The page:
2017 CONFERENCE STATEMENT
The "Wicked Problem" of Climate Change: What is it doing to us and for us?
63rd Conference of the Institute on Religion in an Age of Science
in partnership with the Parliament of the World's Religions
June 24 - July 1, 2017, Star Island off Portsmouth, NH
Climate change is a “wicked problem” with causes and consequences in economic, ecological, ethical, and technological realms. As climate change continues to alter our planet, how can we use this monumental change as an opportunity for societal and spiritual transformation?
“Uncertainty and ambiguity emerge here as resources, because they force us to
confront those things we really want—not safety in some distant and contested
future, but justice and self-understanding now.” - Sheila Jananoff
What is the way forward? We must confront climate change as a planetary community. It affects every institution, society, public policy, culture and ecosystem into the foreseeable future. Every possible course of action intertwines with issues of international and intra-societal economic and social justice. Climate change is a multigenerational, transnational “wicked problem” with no single, simple solution.
Tasks to be Addressed:
Coming to terms with what the “wicked problem” of rapid climate change might do for us will take creativity, imagination, and complex interdisciplinary thinking of organizations like IRAS.
Conference Committee: Emily Austin email@example.com and Karl Peters firstname.lastname@example.org, (Co-chairs), Paul Carr (Conference Champion), Tanya Avakian, Jane Bengtson, Marj Davis, Larry Greenfield Sol Katz, Ted Laurenson, Ruben Nelson, Spencer Stober, Emily Troxel, Jennifer Whitten, James van Pelt, and Barbara Whittaker-Johns.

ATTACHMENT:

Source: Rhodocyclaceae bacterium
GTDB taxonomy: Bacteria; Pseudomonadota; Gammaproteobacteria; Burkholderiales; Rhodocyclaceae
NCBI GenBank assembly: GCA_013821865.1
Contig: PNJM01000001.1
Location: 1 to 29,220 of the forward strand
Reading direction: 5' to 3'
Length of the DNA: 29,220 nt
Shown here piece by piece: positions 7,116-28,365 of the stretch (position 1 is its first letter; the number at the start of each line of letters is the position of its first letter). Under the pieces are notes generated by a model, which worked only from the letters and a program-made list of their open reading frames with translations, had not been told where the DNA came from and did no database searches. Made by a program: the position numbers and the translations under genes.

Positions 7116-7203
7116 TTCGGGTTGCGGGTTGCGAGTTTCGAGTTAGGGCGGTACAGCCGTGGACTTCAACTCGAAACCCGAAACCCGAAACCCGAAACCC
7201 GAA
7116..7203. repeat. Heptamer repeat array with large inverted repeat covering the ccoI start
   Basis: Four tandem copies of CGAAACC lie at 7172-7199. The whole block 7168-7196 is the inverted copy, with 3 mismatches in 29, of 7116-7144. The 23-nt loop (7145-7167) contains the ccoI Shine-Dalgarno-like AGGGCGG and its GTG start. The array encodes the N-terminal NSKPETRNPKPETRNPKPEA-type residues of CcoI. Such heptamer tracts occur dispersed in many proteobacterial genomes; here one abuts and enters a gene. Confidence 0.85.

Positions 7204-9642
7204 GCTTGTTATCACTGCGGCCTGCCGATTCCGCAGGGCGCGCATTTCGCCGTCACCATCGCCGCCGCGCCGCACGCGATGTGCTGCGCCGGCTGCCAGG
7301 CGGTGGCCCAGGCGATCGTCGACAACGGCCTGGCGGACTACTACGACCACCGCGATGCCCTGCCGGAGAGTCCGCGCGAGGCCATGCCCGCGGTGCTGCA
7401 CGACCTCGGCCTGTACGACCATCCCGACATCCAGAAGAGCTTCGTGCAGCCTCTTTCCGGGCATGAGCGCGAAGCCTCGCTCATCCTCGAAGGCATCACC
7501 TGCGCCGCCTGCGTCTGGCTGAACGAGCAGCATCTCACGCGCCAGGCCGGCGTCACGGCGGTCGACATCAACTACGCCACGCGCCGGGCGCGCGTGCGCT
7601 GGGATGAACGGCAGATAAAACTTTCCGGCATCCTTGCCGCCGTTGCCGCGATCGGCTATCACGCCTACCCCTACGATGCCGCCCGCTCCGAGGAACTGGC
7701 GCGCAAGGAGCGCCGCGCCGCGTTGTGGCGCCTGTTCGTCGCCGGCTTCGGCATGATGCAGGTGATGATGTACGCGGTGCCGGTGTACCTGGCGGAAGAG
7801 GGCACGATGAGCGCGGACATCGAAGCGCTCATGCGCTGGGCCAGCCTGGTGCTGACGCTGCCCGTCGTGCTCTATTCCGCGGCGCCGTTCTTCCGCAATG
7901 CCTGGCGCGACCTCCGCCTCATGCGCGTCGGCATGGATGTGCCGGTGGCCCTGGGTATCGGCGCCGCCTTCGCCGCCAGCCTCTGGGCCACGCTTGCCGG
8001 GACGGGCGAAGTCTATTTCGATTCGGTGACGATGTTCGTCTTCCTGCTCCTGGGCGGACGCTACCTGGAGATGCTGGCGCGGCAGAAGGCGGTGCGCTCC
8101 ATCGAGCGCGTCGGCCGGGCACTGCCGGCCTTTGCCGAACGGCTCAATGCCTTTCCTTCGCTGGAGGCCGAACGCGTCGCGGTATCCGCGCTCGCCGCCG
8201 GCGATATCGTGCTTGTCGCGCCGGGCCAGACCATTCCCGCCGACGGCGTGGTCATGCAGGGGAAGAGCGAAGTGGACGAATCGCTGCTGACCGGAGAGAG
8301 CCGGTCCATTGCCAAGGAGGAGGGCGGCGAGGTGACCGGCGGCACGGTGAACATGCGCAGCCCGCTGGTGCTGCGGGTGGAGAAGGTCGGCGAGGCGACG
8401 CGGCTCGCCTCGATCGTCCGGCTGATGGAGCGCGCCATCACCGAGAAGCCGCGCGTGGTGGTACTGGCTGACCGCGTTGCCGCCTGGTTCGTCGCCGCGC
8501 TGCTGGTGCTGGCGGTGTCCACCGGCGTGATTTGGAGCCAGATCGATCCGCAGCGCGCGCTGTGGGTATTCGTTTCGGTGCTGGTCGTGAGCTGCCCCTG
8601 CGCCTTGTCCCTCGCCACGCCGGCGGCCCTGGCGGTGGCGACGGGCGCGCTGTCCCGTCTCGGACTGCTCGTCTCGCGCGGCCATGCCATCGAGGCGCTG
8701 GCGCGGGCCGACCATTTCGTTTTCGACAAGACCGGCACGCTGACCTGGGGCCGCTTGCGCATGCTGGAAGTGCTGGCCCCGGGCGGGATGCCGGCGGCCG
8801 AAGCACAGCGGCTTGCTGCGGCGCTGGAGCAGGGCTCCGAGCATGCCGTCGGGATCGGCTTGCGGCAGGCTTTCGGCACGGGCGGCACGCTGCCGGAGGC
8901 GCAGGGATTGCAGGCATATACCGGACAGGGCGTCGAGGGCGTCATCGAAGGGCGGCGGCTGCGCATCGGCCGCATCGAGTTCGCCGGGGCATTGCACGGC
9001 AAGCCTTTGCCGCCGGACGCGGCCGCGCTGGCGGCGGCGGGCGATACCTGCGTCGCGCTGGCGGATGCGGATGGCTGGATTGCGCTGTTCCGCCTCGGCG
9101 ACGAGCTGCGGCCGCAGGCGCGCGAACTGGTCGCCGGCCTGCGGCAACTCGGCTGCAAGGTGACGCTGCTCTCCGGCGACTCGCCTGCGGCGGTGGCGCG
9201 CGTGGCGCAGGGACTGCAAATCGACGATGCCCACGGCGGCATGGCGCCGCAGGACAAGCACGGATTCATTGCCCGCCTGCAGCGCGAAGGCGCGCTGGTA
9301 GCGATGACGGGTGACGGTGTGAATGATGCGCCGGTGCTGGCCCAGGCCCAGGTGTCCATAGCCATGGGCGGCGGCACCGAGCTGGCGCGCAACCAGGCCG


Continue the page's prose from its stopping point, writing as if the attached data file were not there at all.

Download Conference Statement .pdf
REGISTER FOR IRAS CONFERENCE
30% discounts on registration fees are available for members of IRAS, our Partners and Sponsors. 30% discounts for room and board are outlined on the Star Island website.
FORMAT, ACTIVITIES, AND CALL FOR PARTICIPATION
ADULT PROGRAM: Each morning the conference will feature daily plenary dialogues followed by small discussion groups. Selected papers and workshops, interest groups, ad hoc meetings, informal activities and a social hour ﬁll the afternoon. Each evening will feature novel and collaborative ways to engage one another. We explore/express what we are feeling, thinking and learning and carry our thinking forward in a collaborative-constructive way. See Annual Summer Conference.
YOUTH PROGRAM: Children and youth will meet in their age groups each morning from during IRAS theme talks. Activities include island exploration/ beach time, marine lab and island musician visits, art, ﬁeld games, and conference-themed, age-appropriate activities. The afternoon Serendipity Program offers art projects on the porch and lawn games on the front lawn every day except Wednesday, when we’ll hold our annual Intergenerational Olympics. Evening activities include a bonﬁre, theater games, singalong and storytelling evening, art, games, and Candy Bingo.
All conference attendees will be invited to propose workshops on the themes of the conference, as well as workshops that examine the future roles of IRAS in relation to its founding ideas and the wider context of science, religions, and society in which we now live.
Copyright 2014 by The Institute on Religion in an Age of Science